It’s been over a month now since we lost Charlie Ridgway. And for those of us who were lucky enough to know and/or work with this Disney Legend, this is a wound that will take a while to heal.
“And why exactly is that?,” you say. Well, I could go on & on about my own dealings with Charlie over the past three-plus decades. What a genuine pleasure he was to work with because Mr. Ridgway was that rarer-than-rare thing: A PR guy who actually liked working with reporters.
But if I did that, I’d then wind up hogging the spotlight at a time when the focus should really be on Charlie. So here. Rather than having me talk about the handful of times that he & I collaborated on a Disney-related story, I’m going to let the people who were lucky enough to work with Charlie on a day-to-day basis share their memories of this man.
First up is John Dreyer, the former head of Corporate Communications for The Walt Disney Company.
It was Charlie who helped John get his start at the Mouse House back in 1976 by hiring him to work as a publicist for The Walt Disney World Resort. And …
… we’ve been friends ever since.
I think everyone who ever met Charlie has been friends from that moment on.
For those of us who worked for Charlie, he was our Peter Pan. He led us on fantastical adventures.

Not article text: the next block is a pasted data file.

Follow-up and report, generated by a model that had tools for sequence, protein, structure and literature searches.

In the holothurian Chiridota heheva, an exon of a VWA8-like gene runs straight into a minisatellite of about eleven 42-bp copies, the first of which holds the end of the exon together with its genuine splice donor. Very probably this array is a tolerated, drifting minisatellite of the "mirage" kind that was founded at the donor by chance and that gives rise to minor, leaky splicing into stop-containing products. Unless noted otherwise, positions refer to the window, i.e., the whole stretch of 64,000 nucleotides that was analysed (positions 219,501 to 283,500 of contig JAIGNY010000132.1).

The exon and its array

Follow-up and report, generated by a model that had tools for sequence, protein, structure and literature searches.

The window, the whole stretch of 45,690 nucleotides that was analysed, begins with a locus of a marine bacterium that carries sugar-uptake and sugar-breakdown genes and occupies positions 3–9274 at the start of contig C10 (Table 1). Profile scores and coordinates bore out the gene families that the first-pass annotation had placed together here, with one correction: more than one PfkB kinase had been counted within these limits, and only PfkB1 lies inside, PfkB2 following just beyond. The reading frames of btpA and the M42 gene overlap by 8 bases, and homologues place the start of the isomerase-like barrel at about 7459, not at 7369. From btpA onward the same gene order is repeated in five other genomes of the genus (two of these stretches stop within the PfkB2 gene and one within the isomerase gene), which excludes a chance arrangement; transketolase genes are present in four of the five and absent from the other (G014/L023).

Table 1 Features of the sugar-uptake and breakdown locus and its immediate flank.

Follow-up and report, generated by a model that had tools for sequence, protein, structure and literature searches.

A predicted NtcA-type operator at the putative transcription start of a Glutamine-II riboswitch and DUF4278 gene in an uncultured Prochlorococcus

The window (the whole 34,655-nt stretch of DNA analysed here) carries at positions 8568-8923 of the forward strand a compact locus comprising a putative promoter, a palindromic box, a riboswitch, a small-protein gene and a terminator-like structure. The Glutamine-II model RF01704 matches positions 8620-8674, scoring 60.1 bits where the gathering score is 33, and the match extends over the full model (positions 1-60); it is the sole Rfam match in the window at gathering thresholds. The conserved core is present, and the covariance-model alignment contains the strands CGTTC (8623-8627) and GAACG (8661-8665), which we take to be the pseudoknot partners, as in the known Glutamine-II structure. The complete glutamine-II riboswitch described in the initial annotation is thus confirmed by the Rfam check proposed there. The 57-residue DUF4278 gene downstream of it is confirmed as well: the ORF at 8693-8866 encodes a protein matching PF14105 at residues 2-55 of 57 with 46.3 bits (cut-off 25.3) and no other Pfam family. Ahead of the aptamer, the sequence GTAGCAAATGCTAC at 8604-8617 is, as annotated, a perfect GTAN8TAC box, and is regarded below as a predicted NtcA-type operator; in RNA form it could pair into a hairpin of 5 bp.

Charlie had an infectious enthusiasm for life and a boundless curiosity about everything. And he was passionate about all things Disney.
He loved big ideas. For Donald Duck’s 50th birthday, he concocted the idea of hatching 50 ducklings and imprinting them on the costumed Donald so that they would follow him in the park. They rode on a float with Donald in the daily parade wearing Disney name tags and birthday hats.
Charlie loved directing publicity shoots and is well known for unintentionally photo-bombing his own shoots. For the opening of Disneyland Paris, he organized a shoot of all the Disney characters on Main Street with the castle behind them. There was a flock of media photographers. The shot we all love appeared on the cover of a major European magazine with all of the Disney characters including Charlie.
Those of us who worked for Charlie in the days of typewriters remember fondly Charlie's editing process. Charlie would call you into his office or come to your desk and sit at your typewriter. With you over his shoulder, he and you would do the rewrite. Charlie would cross out sections you had written and he had written and you had written together. He would move graphs around by cutting them out and then stapling the sections together. At least one release that was two pages in its final form was six feet long in its finished draft.